Thousands of people gathered in central London in solidarity with the people of Palestine. Organisers estimated that more than 180,000 joined the protest on Saturday, and that it could be one of the largest pro-Palestine demonstrations in British history. The protest went ahead despite the announcement of a ceasefire on Friday morning after an 11-day Israeli bombing campaign, with organisers saying they wanted to demand that the UK government implement sanctions on Israel
The latest violence followed a month of rising tensions in Jerusalem. But the fighting has gone on for decades. It was the worst violence since 2014 and saw Hamas fire a barrage of rockets into Israeli towns, while Israeli airstrikes targeted Hamas’ infrastructure – including a vast tunnel network – and violence broke out between residents of Israeli towns.
In London, demonstrators congregated at Victoria Embankment on Saturday afternoon before making their way to Hyde Park.
Holding banners, placards and flags, they let off green and red-coloured smoke and chanted, blocking traffic as they marched. Groups of police watched as some protesters climbed bus stops and lampposts and wrote “Free Palestine” on walls. Chants of “Israel is a terrorist state” and “We are all Palestinians” could be heard during the march.
As the crowd reached Downing Street, chants of “Boris Johnson, shame on you” rang out.
A temporary stage was set up in Hyde Park where a number of speeches, including from former Labour leader Jeremy Corbyn, were made during the afternoon.
Mr Corbyn spoke at the end of the event, after speeches from former shadow chancellor John McDonnell and rapper Lowkey.
“Children should not grow up having seen their home demolished by a bomb dropped from the safety of thousands of feet above,” the Labour MP said.
“The occupation is the issue, the occupation of the West Bank, the siege of Gaza, they are the issues.“
“While the ceasefire is a step forward, unless the fundamental issues are addressed, we will be here again.”
Mr Corbyn added: “We will be here as long as is it takes until the Palestinian people are free.“
“We will never give up on the Palestinian people, we will never go away from the Palestinian people and their cause.”
He was welcomed to the stage to large applause and chants of “Oh Jeremy Corbyn”.
Mr McDonnell said: “Yes, a ceasefire has been negotiated and we welcome a ceasefire.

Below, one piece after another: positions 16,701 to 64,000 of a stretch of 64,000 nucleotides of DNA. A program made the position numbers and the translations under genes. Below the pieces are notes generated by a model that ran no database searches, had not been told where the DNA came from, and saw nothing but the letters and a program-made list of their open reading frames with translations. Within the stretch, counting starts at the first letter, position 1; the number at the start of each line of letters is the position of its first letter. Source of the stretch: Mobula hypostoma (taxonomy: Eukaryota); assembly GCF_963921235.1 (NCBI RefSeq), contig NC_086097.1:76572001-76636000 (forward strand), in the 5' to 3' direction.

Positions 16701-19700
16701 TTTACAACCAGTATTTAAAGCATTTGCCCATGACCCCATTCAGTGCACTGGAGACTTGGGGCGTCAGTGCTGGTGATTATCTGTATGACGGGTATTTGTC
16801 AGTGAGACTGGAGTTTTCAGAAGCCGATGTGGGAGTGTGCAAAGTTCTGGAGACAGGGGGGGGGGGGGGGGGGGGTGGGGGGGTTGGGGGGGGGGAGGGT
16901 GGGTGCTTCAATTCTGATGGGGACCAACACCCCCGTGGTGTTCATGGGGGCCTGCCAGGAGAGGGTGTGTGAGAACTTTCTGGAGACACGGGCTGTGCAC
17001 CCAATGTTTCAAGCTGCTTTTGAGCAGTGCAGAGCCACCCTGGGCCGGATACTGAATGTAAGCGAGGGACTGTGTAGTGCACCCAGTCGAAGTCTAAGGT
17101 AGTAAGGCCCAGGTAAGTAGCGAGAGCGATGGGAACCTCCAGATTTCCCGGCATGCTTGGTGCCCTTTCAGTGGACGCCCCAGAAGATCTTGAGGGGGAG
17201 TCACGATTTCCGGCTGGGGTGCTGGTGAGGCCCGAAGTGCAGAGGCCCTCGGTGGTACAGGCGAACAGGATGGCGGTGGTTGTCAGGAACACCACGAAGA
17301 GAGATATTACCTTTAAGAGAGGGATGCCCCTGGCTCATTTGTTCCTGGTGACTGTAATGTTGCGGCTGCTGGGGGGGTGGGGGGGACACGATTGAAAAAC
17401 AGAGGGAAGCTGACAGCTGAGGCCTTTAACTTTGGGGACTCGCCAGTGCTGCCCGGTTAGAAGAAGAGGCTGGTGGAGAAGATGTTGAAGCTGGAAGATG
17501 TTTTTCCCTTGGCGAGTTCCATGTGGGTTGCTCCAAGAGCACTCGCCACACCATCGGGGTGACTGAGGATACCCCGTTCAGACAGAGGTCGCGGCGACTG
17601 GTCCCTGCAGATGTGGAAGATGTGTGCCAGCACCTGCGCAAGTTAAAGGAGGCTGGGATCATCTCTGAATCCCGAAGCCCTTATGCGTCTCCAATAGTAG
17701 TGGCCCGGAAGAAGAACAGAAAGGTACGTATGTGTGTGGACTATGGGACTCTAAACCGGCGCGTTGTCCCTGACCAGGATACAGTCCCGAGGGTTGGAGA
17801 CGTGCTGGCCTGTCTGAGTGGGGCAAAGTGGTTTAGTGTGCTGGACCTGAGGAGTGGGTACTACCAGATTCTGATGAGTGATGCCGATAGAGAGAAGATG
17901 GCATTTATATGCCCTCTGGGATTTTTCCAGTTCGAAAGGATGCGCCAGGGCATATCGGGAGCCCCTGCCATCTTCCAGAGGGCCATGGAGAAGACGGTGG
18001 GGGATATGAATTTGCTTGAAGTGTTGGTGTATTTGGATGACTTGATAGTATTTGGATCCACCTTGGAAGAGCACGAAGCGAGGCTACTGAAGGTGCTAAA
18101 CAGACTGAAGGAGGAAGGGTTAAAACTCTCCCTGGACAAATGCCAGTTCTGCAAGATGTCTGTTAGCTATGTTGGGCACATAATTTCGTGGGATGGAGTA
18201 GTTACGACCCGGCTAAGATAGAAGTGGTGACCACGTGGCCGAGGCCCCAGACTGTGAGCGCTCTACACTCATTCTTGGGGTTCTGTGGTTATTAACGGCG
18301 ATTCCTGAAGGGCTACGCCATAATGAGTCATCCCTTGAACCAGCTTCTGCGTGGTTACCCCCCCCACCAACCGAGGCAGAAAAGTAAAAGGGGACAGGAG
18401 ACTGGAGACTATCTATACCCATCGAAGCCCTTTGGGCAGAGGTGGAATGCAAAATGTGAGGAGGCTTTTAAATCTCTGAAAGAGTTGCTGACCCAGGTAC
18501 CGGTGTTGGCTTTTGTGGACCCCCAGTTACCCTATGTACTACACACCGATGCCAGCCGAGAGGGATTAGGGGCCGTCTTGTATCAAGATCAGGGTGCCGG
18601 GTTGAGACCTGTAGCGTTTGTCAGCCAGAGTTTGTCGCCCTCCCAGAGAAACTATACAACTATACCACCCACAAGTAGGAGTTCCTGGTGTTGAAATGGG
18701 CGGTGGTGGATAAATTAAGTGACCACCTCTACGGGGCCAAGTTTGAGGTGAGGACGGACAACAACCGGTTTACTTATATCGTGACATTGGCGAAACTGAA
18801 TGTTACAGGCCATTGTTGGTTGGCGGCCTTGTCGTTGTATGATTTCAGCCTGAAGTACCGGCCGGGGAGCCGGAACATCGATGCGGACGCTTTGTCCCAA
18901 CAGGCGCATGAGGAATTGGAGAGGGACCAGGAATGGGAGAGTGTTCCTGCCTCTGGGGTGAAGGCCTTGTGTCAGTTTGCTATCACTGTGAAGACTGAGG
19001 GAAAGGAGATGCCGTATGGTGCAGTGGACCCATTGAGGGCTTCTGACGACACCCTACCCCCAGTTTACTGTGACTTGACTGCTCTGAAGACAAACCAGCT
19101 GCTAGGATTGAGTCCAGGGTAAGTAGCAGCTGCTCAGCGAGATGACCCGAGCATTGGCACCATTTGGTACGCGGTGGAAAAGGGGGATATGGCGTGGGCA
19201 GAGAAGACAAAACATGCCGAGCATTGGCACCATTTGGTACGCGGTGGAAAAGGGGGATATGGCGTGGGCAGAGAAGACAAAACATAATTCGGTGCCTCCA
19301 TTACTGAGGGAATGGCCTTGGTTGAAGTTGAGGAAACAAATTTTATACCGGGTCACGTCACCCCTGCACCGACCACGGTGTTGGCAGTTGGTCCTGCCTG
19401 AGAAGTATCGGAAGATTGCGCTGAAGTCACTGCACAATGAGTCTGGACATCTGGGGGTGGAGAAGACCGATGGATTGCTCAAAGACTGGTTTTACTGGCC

“But let’s be clear, there will be no ceasefire in our campaign to boycott, disinvest and sanction the Israeli apartheid state.
“The message is clear, we will not cease our campaign in solidarity until there is justice.
“So let’s make it clear, no justice, no peace.”
Where does the conflict stem from?
In the past 50 years Israel has built settlements in these areas, where more than 600,000 Jews now live.
Palestinians say these are illegal under international law and are obstacles to peace, but Israel denies this.
Tensions are often high between Israel and Palestinians living in East Jerusalem, Gaza and the West Bank.
Gaza is ruled by the Palestinian militant group Hamas, which has fought Israel many times. Israel and Egypt tightly control Gaza’s borders to stop weapons getting to Hamas.
Palestinians in Gaza and the West Bank say they’re suffering because of Israeli actions and restrictions. Israel say it is only acting to protect itself from Palestinian violence.
Things have escalated since the start of the holy Muslim month of Ramadan in mid-April 2021, with nightly clashes between police and Palestinians. The threatened eviction of some Palestinian families in East Jerusalem has also caused rising anger. There are a number of issues which Israel and the Palestinians cannot agree on.
These include what should happen to Palestinian refugees, whether Jewish settlements in the occupied West Bank should stay or be removed, whether the two sides should share Jerusalem, and – perhaps most tricky of all – whether a Palestinian state should be created alongside Israel.
Peace talks have been taking place on and off for more than 25 years, but so far have not solved the conflict.
In short, the situation isn’t going to be sorted out any time soon.
The most recent peace plan, prepared by the United States, when Donald Trump was President – called “the deal of the century” by Israeli PM Benjamin Netanyahu – has been dismissed by the Palestinians as one-sided and never got off the ground.
Any future peace deal will need both sides to agree to resolve complex issues.
Pray for Palestine